Global fund houses have become far more optimistic on the outlook for equities and bonds in signs of a marked turnaround in risk appetite, with hopes highest for Asia and emerging markets.

Some 44% of respondents to the quarterly HSBC Fund Managers’ Survey – designed to identify global liquidity flows and asset allocation dynamics – are now overweight bonds, compared with 22% in the fourth quarter last year.

Further, 50% are neutral on equities and 20% underweight, from 20% neutral and 50% underweight in the previous three months. At the same time only 22% are overweight cash, compared with 44% in the fourth quarter.

In terms of asset allocation strategy, the sharpest upgrades in expectations is towards equities in emerging markets (where 55% are now overweight, from 27% in Q4); in Asia-Pacific ex-Japan (40% overweight, from 20% in Q4); and in Greater China (56% overweight, from 44% in Q4).

Even sentiment towards Europe (including UK) appears to be improving, with 18% of managers holding an overweight view compared with 9% in Q4, although it also saw a mirrored decline to 36% underweight, from 27%.

On the bond side, the clear standout is Asian bonds, with 88% now overweight and just 13% neutral, compared with 63% and 38% respectively for the previous three months.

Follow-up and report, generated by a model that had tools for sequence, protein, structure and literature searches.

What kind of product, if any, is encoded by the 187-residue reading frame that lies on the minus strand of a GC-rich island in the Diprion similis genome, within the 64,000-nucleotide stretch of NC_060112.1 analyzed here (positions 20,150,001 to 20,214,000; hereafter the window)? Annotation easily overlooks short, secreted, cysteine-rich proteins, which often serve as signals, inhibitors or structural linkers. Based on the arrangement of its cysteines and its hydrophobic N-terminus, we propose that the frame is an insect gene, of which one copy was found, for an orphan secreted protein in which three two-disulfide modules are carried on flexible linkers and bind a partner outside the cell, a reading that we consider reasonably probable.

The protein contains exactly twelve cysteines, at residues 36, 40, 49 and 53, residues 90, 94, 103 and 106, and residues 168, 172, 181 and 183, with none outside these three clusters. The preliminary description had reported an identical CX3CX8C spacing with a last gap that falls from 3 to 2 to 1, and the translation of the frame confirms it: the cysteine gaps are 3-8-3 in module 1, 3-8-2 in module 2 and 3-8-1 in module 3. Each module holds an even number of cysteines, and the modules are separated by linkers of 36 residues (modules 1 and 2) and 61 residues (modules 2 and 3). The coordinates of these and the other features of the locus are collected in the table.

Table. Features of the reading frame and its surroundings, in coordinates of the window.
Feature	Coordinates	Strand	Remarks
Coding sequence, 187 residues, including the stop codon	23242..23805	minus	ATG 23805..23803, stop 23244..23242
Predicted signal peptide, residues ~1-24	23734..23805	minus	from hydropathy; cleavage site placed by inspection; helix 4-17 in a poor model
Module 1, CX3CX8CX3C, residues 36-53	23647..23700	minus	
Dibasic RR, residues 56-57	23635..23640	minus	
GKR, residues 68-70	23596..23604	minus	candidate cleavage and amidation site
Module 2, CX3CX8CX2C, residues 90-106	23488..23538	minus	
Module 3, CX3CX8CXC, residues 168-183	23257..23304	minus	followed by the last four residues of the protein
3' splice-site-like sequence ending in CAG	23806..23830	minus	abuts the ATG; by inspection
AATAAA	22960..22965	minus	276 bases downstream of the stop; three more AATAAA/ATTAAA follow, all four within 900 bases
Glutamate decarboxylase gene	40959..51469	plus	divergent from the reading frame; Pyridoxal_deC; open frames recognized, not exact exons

“In the spirit of this being Year of the Dragon, the outlook for Q1 based on our survey is more optimistic than it was in the fourth quarter last year, so relatively speaking this is a risk-on environment,” says Malik Sarwar, head of wealth development within HSBC’s retail banking and wealth management group.

“Moreover bonds continue to be in favour as people search for safety and yield. A big part of this is the expected draw-down in cash that had been built up.”

Asked about the key drivers for increasing appeal of emerging markets, Asia and Greater China in particular, he says: “Simply because price-earnings ratios and fundamentals are more attractive than alternative options in developed markets. Credit quality in the fixed income market is also driving behaviour.”

In terms of asset flows, the survey finds the FUM of surveyed managers increased by $137 billion (3.7%) between the third and fourth quarters last year, of which money-market funds represented the biggest chunk (36%), followed by equity funds (34%) and bond funds (16.4%).

The biggest contributors to FUM growth in the fourth quarter were North American equities (8.3%) and high-yield and emerging market bonds (7.9%), followed by US bonds (5.7%).

In terms of market performance from quarter-to-quarter, North American equities came top having risen +11.1%, followed by greater China equities (+8.1%), global equities (+7.3%) and high yield/EM bonds (+5.2%).

Nevertheless, equity funds continued to see net outflows in the fourth quarter with investor sentiment dampened by fears over the European debt crisis.

Global equity funds saw the highest retrenchment at -6.1%, followed by Greater China equity funds at -5.5%. US bond products (+4.6%) and Japan equities (+3.1%) saw the strongest inflows.

HSBC surveyed 13 major fund houses for this survey with a combined AUM of $3.81 trillion as at the end of last year.